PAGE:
Beet’s point is that such persuasion by the Jewish majority was not a new thing. And once it took hold it was hard to get rid of. Another thing that Beet points out is that Peter’s previous conduct among the Gentiles was certainly in harmony with his convictions and, therefore, considered part of his normal lifestyle. So why all of a sudden was he acting abnormally? That was the whole point of Paul’s argument. In other words, “Peter, this is not like you! You don’t usually act this way? Why are you going back to what you used to be?” That’s all it took. Peter knew that Paul’s words were hurtful but true and it hit him very hard. And reading it now in the letter, the Galatians were also feeling its full force, in spite of their contrary action. As far as Paul was concerned, it was official. The Mosaic restrictions on food and drink for Christian believers were no longer binding.[4]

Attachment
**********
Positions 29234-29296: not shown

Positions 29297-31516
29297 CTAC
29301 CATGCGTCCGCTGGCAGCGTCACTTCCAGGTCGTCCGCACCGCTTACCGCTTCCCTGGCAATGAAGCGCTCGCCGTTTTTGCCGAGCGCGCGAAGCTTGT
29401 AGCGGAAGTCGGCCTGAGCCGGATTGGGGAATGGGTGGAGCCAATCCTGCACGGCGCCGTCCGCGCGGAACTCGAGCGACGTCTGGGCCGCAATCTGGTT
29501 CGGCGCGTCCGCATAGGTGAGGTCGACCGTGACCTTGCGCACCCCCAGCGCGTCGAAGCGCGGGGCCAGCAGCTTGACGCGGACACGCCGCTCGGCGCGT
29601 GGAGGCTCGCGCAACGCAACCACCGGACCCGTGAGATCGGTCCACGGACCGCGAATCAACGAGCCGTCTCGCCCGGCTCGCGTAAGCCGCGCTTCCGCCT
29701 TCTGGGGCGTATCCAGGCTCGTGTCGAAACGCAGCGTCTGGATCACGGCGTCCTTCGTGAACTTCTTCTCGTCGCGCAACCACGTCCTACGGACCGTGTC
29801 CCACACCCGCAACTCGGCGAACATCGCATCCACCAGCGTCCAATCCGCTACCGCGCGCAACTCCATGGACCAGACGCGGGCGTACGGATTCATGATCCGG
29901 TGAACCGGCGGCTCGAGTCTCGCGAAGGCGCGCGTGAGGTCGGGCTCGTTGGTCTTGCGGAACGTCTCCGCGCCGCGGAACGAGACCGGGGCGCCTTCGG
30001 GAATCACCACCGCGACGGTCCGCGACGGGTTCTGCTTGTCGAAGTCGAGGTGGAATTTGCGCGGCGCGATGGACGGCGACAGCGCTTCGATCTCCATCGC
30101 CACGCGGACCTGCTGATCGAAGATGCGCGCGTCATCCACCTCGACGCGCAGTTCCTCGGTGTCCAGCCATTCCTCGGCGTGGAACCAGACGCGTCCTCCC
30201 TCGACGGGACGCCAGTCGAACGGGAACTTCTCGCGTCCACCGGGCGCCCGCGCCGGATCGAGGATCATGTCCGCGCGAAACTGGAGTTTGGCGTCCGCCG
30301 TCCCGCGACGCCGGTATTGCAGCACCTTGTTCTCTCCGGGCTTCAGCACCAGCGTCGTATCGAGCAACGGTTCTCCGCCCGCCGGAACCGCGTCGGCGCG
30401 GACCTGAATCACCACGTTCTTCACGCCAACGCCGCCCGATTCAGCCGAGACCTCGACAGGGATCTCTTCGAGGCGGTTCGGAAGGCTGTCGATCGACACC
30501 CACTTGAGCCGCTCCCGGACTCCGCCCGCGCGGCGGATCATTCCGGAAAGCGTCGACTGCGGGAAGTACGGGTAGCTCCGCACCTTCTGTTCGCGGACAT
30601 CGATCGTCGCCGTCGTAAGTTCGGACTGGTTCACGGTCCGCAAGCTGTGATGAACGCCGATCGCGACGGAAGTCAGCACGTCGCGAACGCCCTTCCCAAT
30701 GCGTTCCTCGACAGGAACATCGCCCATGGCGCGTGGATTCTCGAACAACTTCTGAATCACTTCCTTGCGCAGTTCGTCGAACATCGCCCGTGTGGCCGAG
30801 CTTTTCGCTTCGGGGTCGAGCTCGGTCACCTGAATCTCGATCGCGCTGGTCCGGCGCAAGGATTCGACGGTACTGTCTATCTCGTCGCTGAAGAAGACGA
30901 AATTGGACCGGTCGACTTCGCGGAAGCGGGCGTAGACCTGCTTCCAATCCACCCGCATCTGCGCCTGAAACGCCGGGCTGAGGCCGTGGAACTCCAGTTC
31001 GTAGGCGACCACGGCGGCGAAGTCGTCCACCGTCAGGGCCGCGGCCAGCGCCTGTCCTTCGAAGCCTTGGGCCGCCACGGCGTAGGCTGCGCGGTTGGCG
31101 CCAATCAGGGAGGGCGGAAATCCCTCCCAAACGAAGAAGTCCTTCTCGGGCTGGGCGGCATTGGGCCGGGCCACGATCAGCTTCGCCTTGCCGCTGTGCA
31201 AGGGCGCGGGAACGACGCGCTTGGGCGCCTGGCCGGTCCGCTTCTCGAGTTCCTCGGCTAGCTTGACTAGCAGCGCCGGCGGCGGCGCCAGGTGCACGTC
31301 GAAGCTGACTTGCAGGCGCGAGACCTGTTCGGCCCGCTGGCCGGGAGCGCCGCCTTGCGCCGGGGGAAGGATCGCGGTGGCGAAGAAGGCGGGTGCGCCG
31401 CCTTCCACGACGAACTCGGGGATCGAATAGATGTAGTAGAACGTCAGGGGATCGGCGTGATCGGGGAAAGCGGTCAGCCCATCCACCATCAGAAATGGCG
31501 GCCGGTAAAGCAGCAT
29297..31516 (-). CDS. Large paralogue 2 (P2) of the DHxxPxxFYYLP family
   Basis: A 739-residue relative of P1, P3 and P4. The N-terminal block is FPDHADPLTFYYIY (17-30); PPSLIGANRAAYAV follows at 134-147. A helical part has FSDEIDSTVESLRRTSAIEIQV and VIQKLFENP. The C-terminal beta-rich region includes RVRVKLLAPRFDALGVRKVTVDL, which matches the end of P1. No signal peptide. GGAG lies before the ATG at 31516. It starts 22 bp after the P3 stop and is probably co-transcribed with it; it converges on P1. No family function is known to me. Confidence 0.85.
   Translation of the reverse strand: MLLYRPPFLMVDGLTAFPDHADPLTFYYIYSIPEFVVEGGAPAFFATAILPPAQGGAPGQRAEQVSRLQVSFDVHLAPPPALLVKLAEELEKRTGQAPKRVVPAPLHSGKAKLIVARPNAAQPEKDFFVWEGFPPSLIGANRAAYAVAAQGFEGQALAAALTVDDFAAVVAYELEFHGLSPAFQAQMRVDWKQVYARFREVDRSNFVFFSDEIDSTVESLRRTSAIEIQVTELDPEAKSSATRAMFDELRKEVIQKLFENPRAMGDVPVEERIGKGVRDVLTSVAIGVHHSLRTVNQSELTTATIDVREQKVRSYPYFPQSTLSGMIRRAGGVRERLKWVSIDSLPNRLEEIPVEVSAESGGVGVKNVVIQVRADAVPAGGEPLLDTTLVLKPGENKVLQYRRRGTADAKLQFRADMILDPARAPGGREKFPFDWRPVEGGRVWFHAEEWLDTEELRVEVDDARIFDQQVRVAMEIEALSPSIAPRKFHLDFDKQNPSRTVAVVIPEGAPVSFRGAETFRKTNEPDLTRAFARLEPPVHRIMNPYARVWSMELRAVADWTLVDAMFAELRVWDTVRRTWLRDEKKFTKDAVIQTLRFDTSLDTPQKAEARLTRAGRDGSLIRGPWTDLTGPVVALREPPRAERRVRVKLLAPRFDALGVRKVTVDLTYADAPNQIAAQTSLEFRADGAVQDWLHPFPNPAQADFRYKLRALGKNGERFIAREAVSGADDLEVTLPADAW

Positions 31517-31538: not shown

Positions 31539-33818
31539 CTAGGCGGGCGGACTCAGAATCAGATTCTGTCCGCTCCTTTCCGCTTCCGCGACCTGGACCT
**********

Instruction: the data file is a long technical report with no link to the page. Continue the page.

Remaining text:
British Bible scholar Benjamin W. Bacon made the comment that there was no question of the Apostle Paul being charitable here, but there is a question of what principle was it based on. For a Christian Jew to eat with a Christian Gentile was either right or wrong. Which was it? In light of the Gospel, it was right, but if it’s based on who is or who is not present at the time, it’s wrong. It was downright embarrassing that a Gentile convert to Christianity was treated like a brother earlier, but now that some Jews arrived from Jerusalem, they are being treated as outcasts.[5] As Bacon put it, The whole point of Paul’s charge lies in the fact that it is a failure on Peter’s part not to stick with the fundamental spirit of the Jerusalem agreement of mutual non-interference. It would be hard to argue against this atrocious act on Peter’s part as nothing less than his clinging to his Jewish mode of life among Gentile believers in order to persuade them to adopt it as their own.[6]